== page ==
Forms are critical when it comes to working with concrete. The forms create the container that the concrete slurry will be poured into to create your structures. They are removed shortly after the concrete has been poured and partially set Forms determine the slope and therefore proper drainage of a pad which is critical to the functionality and longevity of your patio. In most cases, you want to target a 2% slope, which is effective but almost imperceptible to the eye. After the forms are set and before the pour, in most cases a layer of road base will be applied and compacted. Wire mesh will be laid down horizontally within the forms to ensure structural integrity. Rebar may be inserted into an existing foundation or slab which helps join and secure the new pad to an existing structure. All of these details will help to avoid cracking or pulling away from a new pad in the future.
PRO-TIP: One of the most valuable services that an experienced landscape designer or architect can provide, is sanity-checking forms on site prior to a pour. Of course, your designer needs to be experienced to know what to look for, but we cannot tell you how many times we have caught issues with forms that look insignificant but would have created big problems or workarounds down the road. The concrete is the literal foundation for everything within the hardscape in the majority of cases.
Lighting is an easy way to add some glam to your concrete project. If you’re considering low voltage lighting in steps or concrete structures this must be well planned in advance to forming and pouring the concrete. In the case of step lights, the boxes to house the electronics of the lights must be affixed to the forms prior to the pour. All of the wiring must also be run in conduit in this preparation phase as well.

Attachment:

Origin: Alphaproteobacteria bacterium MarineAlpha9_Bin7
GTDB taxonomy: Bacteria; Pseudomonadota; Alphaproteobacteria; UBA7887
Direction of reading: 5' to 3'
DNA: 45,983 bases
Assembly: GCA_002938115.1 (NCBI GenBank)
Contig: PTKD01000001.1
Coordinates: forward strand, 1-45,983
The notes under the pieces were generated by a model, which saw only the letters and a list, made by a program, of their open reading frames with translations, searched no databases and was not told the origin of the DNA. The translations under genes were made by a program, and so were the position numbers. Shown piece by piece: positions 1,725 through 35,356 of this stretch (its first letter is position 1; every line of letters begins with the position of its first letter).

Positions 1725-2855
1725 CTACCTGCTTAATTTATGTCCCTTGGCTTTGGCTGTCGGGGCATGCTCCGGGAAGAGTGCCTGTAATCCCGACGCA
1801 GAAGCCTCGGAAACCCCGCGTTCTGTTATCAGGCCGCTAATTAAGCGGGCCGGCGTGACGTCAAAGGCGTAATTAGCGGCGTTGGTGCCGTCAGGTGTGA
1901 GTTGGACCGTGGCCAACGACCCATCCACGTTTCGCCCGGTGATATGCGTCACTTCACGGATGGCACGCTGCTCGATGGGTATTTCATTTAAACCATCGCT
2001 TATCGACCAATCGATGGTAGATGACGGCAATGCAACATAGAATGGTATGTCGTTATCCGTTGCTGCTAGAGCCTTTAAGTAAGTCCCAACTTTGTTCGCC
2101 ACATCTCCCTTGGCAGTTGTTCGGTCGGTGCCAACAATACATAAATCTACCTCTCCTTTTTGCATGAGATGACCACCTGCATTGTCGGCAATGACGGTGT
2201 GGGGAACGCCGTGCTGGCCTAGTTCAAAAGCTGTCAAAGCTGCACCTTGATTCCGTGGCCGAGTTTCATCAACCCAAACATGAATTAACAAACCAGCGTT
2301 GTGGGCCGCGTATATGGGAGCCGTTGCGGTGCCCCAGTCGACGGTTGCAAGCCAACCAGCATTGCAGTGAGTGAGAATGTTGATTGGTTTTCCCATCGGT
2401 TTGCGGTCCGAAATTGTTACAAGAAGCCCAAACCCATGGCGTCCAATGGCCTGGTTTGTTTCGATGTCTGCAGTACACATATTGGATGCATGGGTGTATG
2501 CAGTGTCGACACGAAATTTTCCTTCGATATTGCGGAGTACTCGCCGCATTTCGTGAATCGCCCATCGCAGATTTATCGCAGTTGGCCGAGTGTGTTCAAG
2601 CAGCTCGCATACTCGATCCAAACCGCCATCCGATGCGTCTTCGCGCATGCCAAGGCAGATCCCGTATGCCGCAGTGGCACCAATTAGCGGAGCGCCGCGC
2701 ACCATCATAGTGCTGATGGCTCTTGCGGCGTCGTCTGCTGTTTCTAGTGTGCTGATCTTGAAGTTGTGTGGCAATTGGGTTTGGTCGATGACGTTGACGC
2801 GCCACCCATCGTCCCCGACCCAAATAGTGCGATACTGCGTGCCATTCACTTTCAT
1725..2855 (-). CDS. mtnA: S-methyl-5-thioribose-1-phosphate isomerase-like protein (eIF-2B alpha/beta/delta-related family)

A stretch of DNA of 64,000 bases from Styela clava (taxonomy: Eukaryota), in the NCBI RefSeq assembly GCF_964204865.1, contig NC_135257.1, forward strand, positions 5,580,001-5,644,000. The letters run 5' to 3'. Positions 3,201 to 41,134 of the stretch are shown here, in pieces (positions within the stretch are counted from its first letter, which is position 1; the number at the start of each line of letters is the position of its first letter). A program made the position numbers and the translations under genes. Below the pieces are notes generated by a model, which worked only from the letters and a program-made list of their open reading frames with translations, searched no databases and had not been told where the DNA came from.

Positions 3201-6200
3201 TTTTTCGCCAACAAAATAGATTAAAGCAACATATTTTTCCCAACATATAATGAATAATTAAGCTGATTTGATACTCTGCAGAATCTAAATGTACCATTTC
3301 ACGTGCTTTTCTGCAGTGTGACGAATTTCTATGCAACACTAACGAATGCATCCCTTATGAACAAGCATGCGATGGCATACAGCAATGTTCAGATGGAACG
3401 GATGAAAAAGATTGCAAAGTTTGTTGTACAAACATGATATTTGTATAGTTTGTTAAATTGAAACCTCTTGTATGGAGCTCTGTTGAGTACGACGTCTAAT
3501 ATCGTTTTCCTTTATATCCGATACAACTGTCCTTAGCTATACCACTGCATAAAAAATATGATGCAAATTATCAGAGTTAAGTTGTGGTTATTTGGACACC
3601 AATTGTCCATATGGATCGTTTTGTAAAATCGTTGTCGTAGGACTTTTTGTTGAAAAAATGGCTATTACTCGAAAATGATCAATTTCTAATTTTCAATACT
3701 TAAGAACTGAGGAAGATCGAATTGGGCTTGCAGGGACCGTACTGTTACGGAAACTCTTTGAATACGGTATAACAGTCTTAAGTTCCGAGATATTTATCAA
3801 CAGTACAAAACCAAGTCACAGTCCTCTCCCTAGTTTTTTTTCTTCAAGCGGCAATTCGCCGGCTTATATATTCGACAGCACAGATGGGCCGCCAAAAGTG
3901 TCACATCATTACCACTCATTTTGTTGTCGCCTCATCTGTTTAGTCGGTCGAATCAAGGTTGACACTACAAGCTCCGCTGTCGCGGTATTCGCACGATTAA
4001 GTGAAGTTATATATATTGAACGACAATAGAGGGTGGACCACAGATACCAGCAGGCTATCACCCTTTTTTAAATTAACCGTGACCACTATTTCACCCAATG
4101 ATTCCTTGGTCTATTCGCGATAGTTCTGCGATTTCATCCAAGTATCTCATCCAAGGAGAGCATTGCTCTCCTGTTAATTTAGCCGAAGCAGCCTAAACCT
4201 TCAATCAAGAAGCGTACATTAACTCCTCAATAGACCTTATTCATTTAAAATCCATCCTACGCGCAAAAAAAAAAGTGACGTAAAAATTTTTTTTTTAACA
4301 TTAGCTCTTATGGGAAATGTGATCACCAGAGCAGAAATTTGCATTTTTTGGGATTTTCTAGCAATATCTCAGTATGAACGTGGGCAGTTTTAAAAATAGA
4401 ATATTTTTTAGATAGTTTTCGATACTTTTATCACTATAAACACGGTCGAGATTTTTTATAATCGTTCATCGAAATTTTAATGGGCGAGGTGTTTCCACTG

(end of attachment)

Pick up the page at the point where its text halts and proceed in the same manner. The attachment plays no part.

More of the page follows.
Another way to elevate the look of your concrete patio is to add a decorative border. Consider creating a border with stone, brick, or porcelain around the perimeter of your patio.
PROTIP: When doing a decorative border, it is critical that the concrete specialist understands how to calculate measurements in anticipation of the stone application by the mason. It is not just the size and depth of the stone or brick that needs to be considered, but also the layer of mortar that the stone or brick needs to float on when applied. This can be the difference between integrating a border seamlessly or creating an uneven trip hazard! Again, this is something an experienced designer would help ensure is done properly.
If you are phasing a project for budgetary reasons and plan to add future structures to your outdoor patio such as pergola posts, outdoor kitchens, or fire pits, it is crucial that the new patio pad is poured with all of the reinforcements below surface grade to support those future structures. Your master landscape plan will dictate the locations of future structures. Footers (or thicker sections of concrete that support structures above ground) can be integrated into the patio. Footers are invisible on the surface but are critical if for example, you plan to add posts to the pad later to support a pergola or masonry kitchen in the future.
If we haven’t made it clear yet, we absolutely LOVE concrete as an option for hardscaping because of its beauty, versatility, and durability. Take a look at our projects to get an idea of how you can integrate concrete and other materials into your outdoor space. We love being creative when it comes to specifying all sorts hardscaping mediums, but concrete holds a special place in our hearts when wanting to create a wonderful and affordable outdoor space that you can enjoy year-round, for years to come.
Learn more about how our landscape designers tailor your space to fit your design aesthetic through our design process.